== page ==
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  • Thomas A. Wilson

Left in Stitches

My friend Jeff Jillson owns a French Bulldog/Chihuahua mix named Stitch. During the puppy stage, Stitch’s ears were impossibly large—hence the name. Now full grown, the dog looks bulldoggish, but is diminutive. He’s a little guy. No doubt his inner canine is conflicted. Size and continental pedigree call for a certain conservative deportment, but the Latin influence surfaces in the right circumstances.


Jeff, a soft-spoken people person, is one of the best real-estate agents in northern Idaho. Windermere, Coeur d’Alene, is lucky to have him. Not only that, Jeff loves his family, is a good neighbor, attends one of the top 100 most influential churches in America, and is very kind to clients who freak-out during the complex and traumatic process of purchasing a home. He’s also polite to solicitors.


I confess to impatience with solicitors. I really don’t like cold calls over the phone, and I just don’t purchase anything at my front door. At this point, my politics and my faith are set—so, I just as soon not deal with any interruptions. Sheri thinks I should be more gracious, and she’s probably right. But some things evoke a visceral response. Nothing personal, but politicians, missionaries, and salespeople should just skip my house—it’ll save us both time and aggravation. Mitt Romney, who at one time or another held all three positions, is the exception. If he came to the door, I’d ask him in for a drink—of juice, or something.


But Jeff Jillson isn’t like me. He’s a better person. So, when a young man came to his door selling magazines, Jeff was nice. The lad said he was working his way through college, but something about his spiel was a little sketchy. Jeff couldn’t get a word in edgewise. Stitch was not impressed. Dogs, which seem to be good judges of people, seldom withhold an opinion at the front door. While the neighborhood park might demand a bit more diplomacy, Chihuahua types are quick to say, “Mi casa no es tu casa, guey!” on the front porch. And that’s what Stitch did. He kind of went nuts, “bark, Bark, BARK, BARK, bark, bark-bark,” he said. So, Jeff picked him up. You can do that with little dogs. It embarrasses them, but you can do it. Try picking up a German Shepherd; you’re the one likely to be embarrassed. Seriously.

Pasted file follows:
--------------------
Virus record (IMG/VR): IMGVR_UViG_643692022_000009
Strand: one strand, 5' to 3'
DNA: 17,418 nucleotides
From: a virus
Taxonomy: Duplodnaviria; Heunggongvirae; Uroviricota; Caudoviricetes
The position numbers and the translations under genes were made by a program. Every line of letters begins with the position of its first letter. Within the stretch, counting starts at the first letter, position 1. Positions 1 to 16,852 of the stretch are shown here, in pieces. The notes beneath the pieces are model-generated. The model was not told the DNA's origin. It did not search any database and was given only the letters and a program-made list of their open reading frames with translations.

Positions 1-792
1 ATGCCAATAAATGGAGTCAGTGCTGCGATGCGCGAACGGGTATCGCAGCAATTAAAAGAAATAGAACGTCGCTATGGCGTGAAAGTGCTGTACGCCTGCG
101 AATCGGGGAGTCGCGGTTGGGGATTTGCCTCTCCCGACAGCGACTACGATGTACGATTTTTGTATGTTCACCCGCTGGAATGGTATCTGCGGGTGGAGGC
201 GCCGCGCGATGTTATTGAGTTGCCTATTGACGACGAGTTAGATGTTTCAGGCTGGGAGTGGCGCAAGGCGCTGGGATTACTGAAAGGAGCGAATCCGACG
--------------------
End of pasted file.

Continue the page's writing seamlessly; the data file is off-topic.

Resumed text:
Jeff had one hand on the doorknob, and the other hand wrapped around Stitch, just under the animal’s front legs. Stitch, not to be dissuaded, and who was encouraged by closer proximity to the interloper’s face, continued to vocalize.


But the seller wasn’t about to be outdone by some runt-dog in suburbia. He continued to slather on the blarney—Elmer Gantry would have been proud. But the tide was about to turn. The young man deftly reached into his back pocket to retrieve a neatly folded flyer containing the catalog of supposedly available magazines. With no small amount of cocky panache, the confident caller flicked the folded glossy paper with one hand in order to open it. He had undoubtedly done so a thousand times before. The paper caught the air and make a loud pop as it unfurled. The purveyor of pulp grinned at another successful demonstration of dexterity. But Stitch was not amused.


Stitch was terrified. What witchcraft could produce such a sound? Surely, no earthly beast could utter such a bark! So, Stitch let loose. Not consciously, mind you. It was an entirely limbic response. The dog voided his bladder. A golden rainbow arc flowed in the space between seller and prospect.


The young man managed to force out a few more words, but haltingly stopped talking as he took stock of the situation. Both he and Jeff stared at the urinating dog. Finally, Jeff broke the silence, “I think we’re done here,” he said. Then the slump-shouldered salesman slipped away.


The whole exchange was captured by Jeff’s ring video doorbell.


The critical flaw in the magazine salesperson’s presentation is found in his motivation. His motivation was exploitative, not redemptive. Jeff understands about redemptive motivation. He doesn’t “sell” properties—he let’s people buy them. That is, he views his role as being an expert facilitator. He learns what people need, factors in available resources, then he helps them avoid pitfalls as they get what they want and need. The mag lad didn’t even notice that he was in the presence of someone who could mentor him to higher ground. He was focused on cashing in on a sale, and it took a peeing dog to knock him off agenda.


That’s a characteristic of underliving men. They, by necessity, are their own teacher. Betrayal or neglect by some significant role model left them to fend for themselves. Some end up slangin’ more than magazines. Then, they hang out with other like-minded men (birds of a feather…) creating an underliving culture.


A friend of mine in the mental health field put it this way. People are born wired for connection. Trauma rewires for protection. That’s why people with adverse childhood experiences have difficulty in relationships.


Real men connect with others to impart and receive what’s good. They make life a better experience, and the world a better place. They understand that their story will one day be replayed—that, one way or the other, they’ll give account. And they want the story to reflect their authentic desire to be found true.


MANerism:

Just as encountering a sick person enables the spread of the flu, words can be used to promote sickness. Manipulation, the exercise of influence to achieve a desired result at the expense of another, is bad mojo. Manipulation always crumbles under the weight of the exploited and disenfranchised.


Affirmation of the week: I cause everything I touch to grow by quickly recognizing when my motivation exploits or withers. Then, I change my mind in order to serve the thing that is the object of my attention.

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